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Diabetes Obes Metab. 2005 Jul;7(4):318-26.

Genetic and clinical characteristics of maturity-onset diabetes of the young.

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1
Laboratory of Molecular Endocrinology, Federal University of São Paulo, São Paulo, SP, Brazil.

Abstract

Genetic factors play an important role in various forms of diabetes mellitus (DM), but inheritance is complex and interacts with environmental factors. Although in most cases type 2 DM (T2DM) and T1DM are polygenic disorders, several monogenic forms have been identified. Among them, maturity-onset diabetes of the young (MODY) has been the most intensively investigated. MODY is a group of six different forms of monogenic diabetes, characterized by insulin secretion defects in pancreatic beta-cells, supposed to be responsible for 2-5% of all cases of diabetes. The most common are MODY2 and MODY3, caused by mutations in the genes encoding glucokinase and hepatocyte nuclear factor 1-alpha respectively. MODY2 is characterized by glucose sensing defects, leading to an increase in insulin secretion threshold. This causes lifelong sustained and mild hyperglycaemia from birth, most often in non-diabetic levels. Diagnosis is incidental in most cases. These patients are asymptomatic, seldom need treatment and rarely present chronic complications. MODY3 is characterized by a severe insulin secretion defect in response to glucose. Diagnosis is made usually in adolescence and early adulthood, often by osmotic symptoms. Hyperglycaemia is progressive, and patients frequently need treatment with oral drugs or insulin some time in their follow up. This group seems to have a marked sensitivity to sulphonylureas compared to other types of diabetes. The recognition of MODY as a monogenic disorder and a thorough understanding of its pathophysiology are important for correct diagnosis and treatment, with great impact on prognosis. Besides, the study of these forms of diabetes brings important contributions to the understanding of glucose homeostasis as a whole.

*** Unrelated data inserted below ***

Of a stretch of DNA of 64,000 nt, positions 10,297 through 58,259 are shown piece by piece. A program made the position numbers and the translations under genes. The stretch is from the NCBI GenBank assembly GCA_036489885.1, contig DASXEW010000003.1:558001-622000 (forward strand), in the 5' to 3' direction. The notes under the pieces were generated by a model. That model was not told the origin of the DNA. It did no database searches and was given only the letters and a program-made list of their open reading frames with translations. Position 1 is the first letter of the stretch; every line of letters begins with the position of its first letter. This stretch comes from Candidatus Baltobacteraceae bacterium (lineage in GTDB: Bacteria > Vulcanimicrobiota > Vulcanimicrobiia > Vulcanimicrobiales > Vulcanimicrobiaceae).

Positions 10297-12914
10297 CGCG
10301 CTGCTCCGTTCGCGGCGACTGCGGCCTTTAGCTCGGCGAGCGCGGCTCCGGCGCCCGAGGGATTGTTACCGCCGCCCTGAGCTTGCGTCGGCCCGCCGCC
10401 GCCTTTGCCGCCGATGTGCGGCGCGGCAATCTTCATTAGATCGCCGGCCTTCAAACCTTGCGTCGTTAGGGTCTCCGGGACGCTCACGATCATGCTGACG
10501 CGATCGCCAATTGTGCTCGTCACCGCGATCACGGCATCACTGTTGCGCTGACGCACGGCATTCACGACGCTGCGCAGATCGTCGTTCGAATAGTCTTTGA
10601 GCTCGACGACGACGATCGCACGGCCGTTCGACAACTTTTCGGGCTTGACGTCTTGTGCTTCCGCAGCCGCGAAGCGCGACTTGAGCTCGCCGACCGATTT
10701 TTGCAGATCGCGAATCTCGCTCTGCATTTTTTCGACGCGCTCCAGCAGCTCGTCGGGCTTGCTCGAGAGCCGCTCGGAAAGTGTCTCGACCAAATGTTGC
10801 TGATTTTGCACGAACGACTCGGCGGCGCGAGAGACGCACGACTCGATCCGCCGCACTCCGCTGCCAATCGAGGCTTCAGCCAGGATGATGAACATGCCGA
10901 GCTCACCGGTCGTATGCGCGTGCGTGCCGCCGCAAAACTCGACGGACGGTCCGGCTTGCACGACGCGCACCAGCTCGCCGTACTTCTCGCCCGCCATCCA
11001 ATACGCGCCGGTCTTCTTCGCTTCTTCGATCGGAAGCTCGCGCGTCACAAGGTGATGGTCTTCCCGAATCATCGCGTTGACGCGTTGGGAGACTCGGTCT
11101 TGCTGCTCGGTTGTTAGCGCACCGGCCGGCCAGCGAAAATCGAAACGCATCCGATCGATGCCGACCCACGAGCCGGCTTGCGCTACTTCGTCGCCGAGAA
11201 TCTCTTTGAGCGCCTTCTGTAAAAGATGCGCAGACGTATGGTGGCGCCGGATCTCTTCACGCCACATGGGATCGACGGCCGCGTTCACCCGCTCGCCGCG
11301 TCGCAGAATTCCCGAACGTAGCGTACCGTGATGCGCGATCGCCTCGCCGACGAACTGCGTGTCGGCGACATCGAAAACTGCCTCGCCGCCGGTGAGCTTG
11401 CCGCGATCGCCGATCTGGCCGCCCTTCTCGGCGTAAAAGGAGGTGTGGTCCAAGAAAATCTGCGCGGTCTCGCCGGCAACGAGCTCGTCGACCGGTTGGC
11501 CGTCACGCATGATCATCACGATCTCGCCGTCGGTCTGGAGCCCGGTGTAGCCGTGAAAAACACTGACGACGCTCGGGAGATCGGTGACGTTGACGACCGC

[Indexed for MEDLINE]

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